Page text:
The English Football Association (FA) today released an ambitious three-year Women’s Professional Game Strategy with a variety of targets aimed at turning their two women’s soccer leagues, the Women’s Super League and Women’s Championship into the best women’s sports leagues in the world by 2024.
Focusing on three key strategic goals, the FA is aiming to both produce and attract world-class talent to the leagues, maximize and and engage audiences and grow commercial revenue and create financial sustainability.
Central to that aim, The FA is hoping by 2024, the Women’s Super League will be generating average attendances of 6,000 (currently 2,282), with an average of 1,000 in the second tier, the FA Women’s Championship (currently 544). A secondary target is to sell-out the 90,000-capacity Wembley Stadium for the Women’s FA Cup Final, the highest attendance to date is the 45,423 crowd which watched the 2018 Final. Currently three of the Women’s Super League sides – champions Chelsea, league leaders Arsenal and Everton – play in stadiums with a capacity below that 6,000 mark.
Speaking to me earlier today at a media briefing, The FA Director of the Women’s Professional Game, Kelly Simmons told me that “the priority by 2024 is to sell-out the grounds we are in. Pre-Covid, we obviously had some really big attendances in the main stadia and then we were starting to sell-out some of the big games in the women’-specific grounds. Very much we want to continue on that growth. We’re on just over 2,000 at the moment as we come back from having over a year of no fans.”
“They’ll be a blend of having big games in the big stadia which will obviously boost those overall average numbers and then a lot of the games in the women’s stadia. When we start to get to that point where we’re selling-out regularly that gives us a really nice problem to have, whereby we would be looking to either move more games into the main stadia or seek alternative options. I think that would be different across every club. If you’re Chelsea, you’ve bought your own ground, you’ve got the ability to expand if you need to, or you might be restricted because you’re into third party agreements. In terms of that, you’d have to look at every club differently.”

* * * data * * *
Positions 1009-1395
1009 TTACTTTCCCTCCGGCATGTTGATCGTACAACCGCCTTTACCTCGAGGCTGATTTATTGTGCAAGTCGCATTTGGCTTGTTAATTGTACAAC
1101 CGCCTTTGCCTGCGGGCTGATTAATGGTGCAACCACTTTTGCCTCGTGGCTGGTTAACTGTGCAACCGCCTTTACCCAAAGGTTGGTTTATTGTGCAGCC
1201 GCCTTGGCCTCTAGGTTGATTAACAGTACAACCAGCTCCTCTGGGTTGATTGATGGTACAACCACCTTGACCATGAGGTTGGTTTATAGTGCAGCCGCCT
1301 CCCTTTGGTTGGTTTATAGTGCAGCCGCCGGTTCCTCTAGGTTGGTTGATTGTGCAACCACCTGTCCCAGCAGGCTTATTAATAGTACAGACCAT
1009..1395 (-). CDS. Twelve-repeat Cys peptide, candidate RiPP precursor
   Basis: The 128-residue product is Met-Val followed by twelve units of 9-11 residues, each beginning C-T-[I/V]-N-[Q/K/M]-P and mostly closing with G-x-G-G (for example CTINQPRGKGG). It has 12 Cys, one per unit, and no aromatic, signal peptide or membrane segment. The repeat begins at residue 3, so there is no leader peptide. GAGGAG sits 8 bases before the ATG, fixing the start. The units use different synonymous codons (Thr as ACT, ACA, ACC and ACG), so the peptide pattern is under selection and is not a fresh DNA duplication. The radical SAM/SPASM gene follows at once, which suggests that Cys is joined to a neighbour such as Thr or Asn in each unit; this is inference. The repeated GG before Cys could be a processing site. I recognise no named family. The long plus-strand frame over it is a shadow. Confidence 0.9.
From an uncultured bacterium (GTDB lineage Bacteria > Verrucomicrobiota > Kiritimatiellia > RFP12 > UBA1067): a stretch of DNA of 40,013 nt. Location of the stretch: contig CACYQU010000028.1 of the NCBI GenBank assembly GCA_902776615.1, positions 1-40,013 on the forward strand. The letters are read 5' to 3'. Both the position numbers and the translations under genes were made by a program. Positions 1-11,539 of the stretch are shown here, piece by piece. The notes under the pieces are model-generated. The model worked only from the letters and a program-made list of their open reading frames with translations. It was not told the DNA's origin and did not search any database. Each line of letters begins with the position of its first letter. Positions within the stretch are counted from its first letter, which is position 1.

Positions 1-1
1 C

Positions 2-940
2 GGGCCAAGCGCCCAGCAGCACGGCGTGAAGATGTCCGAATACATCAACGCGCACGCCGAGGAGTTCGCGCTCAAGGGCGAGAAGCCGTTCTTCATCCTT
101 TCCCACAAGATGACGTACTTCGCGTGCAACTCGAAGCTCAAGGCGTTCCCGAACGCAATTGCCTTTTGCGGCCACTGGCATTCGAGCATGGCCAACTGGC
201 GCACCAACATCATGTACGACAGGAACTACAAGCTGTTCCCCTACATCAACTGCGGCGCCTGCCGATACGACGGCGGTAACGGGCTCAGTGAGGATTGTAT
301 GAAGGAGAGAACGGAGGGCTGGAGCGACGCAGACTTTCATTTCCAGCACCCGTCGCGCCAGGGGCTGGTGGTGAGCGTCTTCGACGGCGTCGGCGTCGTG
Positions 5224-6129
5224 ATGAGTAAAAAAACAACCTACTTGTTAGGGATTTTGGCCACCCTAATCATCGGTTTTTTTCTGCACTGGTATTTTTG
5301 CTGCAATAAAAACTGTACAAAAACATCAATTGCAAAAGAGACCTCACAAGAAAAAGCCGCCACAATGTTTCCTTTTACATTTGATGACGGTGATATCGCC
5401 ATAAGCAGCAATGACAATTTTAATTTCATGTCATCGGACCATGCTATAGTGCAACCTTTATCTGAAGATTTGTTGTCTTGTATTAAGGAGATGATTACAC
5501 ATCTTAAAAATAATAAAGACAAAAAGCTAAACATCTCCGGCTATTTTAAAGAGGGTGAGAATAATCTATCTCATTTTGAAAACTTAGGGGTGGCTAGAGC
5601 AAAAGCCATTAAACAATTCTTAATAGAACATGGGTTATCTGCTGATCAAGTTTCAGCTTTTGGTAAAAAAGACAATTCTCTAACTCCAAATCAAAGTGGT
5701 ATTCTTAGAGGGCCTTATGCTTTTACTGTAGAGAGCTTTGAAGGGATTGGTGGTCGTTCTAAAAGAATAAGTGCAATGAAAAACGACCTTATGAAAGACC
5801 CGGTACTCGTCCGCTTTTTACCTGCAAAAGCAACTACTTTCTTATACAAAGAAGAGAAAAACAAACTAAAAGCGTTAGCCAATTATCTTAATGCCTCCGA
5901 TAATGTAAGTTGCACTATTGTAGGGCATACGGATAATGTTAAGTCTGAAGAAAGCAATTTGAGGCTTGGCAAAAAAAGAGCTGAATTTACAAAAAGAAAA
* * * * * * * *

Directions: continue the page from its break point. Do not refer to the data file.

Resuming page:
“In terms of this (strategy), we want to grow attendances. Big games in main stadia, I think that’s really important in terms of taking the game to the big fan-bases of the men’s game which we know increasingly are coming over and following the women.”
Worryingly for The FA, unlike in the men’s Premier League where this season’s average attendance has bounced back to higher levels than in the last pre-Covid campaign, women’s attendance figures for this season have fallen almost 50% from the aborted 2019/20 campaign when they were swelled by a number of record-breaking attendances at the club’s main stadiums, including a figure of 38,262 to watch Tottenham Hotspur take on Arsenal. This weekend, the same North London derby will not take place at the 62,850 capacity Tottenham Hotspur Stadium but at the 6,500-capacity Hive Stadium where Spurs are averaging a gate of 2,995 so far this season.
Simmons does not believe this fall in crowds has been caused by this season’s new television deal with Sky and the BBC which mean more games than ever are broadcast live. Television viewing figures have indeed reached record levels with matches shown on Sky reaching a peak average of 318,400 and those shown on the terrestrial broadcaster, the BBC hitting 668,000. Recent research by Nielsen now claims that’s the Women’s Super League is the fourth most-watched sports league in England behind only the men’s Premier League, second tier Championship and the new cricket tournament, The Hundred.